Lawmakers concerned Apple's focus on privacy could be anticompetitive
What you need to know
- Apple's focus on user privacy is being criticized by lawmakers.
- Congressman David N. Cicilline says he's concerned it could be used as "a shield for anticompetitive behavior".
- Apple "partners" have reportedly met with House lawmakers to discuss concerns.
A report suggests that US lawmakers are concerned that Apple's focus on user privacy may actually be a shield for anticompetitive practices.
A report from The Washington Post via 9to5Mac claims that Congressman David N. Cicilline, Democrat for Rhode Island and chair of the House Judiciary antitrust subcommittee, says he is concerned over "the use of privacy as a shield for anticompetitive behavior."
According to the report, Cicilline is pushing for "strong" privacy laws in the United States, which would take the regulation of privacy out of the hands of big tech companies like Apple. He reportedly said:
Apparently, Cicilline is most concerned about changes Apple made to its location services in iOS 13. Apple removed the "always allow" option from the splash screen in iOS 13. It is reported that lawmakers are concerned that Apple may have given itself access to location data denied to third-party competitors, for example, Tile. An Apple statement in response said:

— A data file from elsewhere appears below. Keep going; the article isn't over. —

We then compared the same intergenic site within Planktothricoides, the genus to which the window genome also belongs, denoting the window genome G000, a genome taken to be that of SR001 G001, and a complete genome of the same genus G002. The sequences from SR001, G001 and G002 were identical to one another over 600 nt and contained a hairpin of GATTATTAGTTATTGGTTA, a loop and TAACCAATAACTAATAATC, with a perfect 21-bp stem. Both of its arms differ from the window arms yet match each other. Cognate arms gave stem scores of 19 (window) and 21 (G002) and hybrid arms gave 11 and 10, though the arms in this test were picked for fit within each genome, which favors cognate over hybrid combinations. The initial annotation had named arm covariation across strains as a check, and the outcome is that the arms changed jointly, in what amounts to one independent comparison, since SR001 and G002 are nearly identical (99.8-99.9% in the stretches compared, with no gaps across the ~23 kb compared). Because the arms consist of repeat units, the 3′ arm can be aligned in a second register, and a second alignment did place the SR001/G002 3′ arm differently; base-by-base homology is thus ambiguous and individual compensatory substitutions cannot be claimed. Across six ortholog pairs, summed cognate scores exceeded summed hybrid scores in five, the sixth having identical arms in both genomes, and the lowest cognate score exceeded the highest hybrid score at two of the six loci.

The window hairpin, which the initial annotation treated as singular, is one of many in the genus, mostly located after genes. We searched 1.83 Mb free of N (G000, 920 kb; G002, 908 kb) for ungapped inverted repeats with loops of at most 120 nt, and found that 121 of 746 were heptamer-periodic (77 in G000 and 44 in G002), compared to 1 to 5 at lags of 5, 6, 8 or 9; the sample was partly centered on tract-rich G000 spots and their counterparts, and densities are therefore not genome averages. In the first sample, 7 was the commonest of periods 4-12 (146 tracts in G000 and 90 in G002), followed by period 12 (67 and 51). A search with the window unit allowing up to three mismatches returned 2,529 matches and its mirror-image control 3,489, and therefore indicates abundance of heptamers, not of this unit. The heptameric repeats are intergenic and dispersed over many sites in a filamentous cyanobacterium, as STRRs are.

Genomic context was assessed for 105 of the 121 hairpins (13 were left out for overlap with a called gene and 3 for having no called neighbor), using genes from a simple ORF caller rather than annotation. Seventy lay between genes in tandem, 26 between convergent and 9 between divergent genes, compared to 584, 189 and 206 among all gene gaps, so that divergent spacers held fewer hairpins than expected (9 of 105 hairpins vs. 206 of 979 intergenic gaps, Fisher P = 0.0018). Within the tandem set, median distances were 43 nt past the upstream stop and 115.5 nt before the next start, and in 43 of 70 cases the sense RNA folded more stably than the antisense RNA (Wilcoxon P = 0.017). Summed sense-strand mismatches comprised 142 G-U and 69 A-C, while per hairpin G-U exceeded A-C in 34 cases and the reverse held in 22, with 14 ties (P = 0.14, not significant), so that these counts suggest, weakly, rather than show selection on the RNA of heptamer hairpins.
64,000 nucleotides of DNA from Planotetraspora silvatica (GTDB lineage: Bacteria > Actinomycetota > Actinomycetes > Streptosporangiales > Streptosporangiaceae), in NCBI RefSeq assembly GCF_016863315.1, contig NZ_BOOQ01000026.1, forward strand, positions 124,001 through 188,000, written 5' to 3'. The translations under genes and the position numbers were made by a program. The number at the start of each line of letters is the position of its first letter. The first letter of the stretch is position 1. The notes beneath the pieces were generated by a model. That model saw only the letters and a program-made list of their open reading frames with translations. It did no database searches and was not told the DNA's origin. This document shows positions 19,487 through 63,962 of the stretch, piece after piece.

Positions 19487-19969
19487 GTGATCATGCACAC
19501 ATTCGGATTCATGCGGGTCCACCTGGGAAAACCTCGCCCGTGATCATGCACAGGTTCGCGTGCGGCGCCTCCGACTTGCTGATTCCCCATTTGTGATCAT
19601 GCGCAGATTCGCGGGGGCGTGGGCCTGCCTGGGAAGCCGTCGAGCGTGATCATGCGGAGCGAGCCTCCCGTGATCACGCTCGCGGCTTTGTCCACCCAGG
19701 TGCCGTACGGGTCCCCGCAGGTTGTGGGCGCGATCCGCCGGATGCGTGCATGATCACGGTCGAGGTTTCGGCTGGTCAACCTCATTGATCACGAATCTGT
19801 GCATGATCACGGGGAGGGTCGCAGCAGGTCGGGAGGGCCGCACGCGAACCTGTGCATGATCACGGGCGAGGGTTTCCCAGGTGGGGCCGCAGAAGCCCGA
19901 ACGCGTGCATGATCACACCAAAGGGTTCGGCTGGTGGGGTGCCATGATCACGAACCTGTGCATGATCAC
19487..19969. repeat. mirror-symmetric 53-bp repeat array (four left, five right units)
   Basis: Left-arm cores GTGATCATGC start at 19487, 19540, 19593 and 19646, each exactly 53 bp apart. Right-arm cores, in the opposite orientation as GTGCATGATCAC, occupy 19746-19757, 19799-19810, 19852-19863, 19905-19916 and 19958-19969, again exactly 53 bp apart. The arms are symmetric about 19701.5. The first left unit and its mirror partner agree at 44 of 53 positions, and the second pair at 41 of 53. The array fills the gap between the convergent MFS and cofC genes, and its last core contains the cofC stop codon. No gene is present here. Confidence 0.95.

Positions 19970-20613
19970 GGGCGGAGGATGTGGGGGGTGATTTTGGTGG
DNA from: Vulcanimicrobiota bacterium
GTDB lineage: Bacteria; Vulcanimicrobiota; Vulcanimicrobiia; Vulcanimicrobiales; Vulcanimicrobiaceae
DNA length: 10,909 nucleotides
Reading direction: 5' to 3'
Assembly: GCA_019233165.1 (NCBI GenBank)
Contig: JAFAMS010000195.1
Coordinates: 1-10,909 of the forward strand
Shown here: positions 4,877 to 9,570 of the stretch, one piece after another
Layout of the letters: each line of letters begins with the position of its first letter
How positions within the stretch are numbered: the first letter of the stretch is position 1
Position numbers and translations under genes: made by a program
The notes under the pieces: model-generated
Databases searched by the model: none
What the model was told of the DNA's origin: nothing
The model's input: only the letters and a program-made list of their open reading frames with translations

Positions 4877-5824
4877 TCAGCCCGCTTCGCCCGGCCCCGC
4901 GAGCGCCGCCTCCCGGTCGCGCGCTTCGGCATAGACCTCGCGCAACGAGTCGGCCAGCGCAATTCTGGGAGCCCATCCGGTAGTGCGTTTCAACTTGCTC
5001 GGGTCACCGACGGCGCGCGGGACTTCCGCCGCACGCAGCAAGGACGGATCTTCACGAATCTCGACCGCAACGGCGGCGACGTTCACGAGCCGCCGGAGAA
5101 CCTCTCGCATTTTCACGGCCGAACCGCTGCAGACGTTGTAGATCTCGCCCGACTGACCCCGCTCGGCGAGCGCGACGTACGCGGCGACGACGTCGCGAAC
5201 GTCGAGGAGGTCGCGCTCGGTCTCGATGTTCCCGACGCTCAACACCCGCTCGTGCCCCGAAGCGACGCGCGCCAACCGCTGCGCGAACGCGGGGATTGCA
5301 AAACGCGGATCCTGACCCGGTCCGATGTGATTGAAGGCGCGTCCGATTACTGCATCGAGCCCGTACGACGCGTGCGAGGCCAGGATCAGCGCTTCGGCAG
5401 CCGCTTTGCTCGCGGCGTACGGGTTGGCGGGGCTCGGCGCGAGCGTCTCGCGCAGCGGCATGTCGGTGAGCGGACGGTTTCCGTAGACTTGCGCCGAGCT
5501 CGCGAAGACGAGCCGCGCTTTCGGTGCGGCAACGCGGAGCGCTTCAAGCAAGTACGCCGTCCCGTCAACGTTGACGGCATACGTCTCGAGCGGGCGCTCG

The report notes that House lawmakers are said to have met with Apple "partners" to discuss these concerns, according to people with knowledge of the meetings.
Apple has been the subject of much antitrust talk of late, both at home and abroad, however, this is the first time that location services and privacy seem to have been raised as a concern. It seems a little bizarre to portray "privacy" and "competition" as two opposite ends of a spectrum and worrying that it might be suggested that users or tech companies should have to choose between the two.
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Stephen Warwick has written about Apple for five years at iMore and previously elsewhere. He covers all of iMore's latest breaking news regarding all of Apple's products and services, both hardware and software. Stephen has interviewed industry experts in a range of fields including finance, litigation, security, and more. He also specializes in curating and reviewing audio hardware and has experience beyond journalism in sound engineering, production, and design.
Before becoming a writer Stephen studied Ancient History at University and also worked at Apple for more than two years. Stephen is also a host on the iMore show, a weekly podcast recorded live that discusses the latest in breaking Apple news, as well as featuring fun trivia about all things Apple. Follow him on Twitter @stephenwarwick9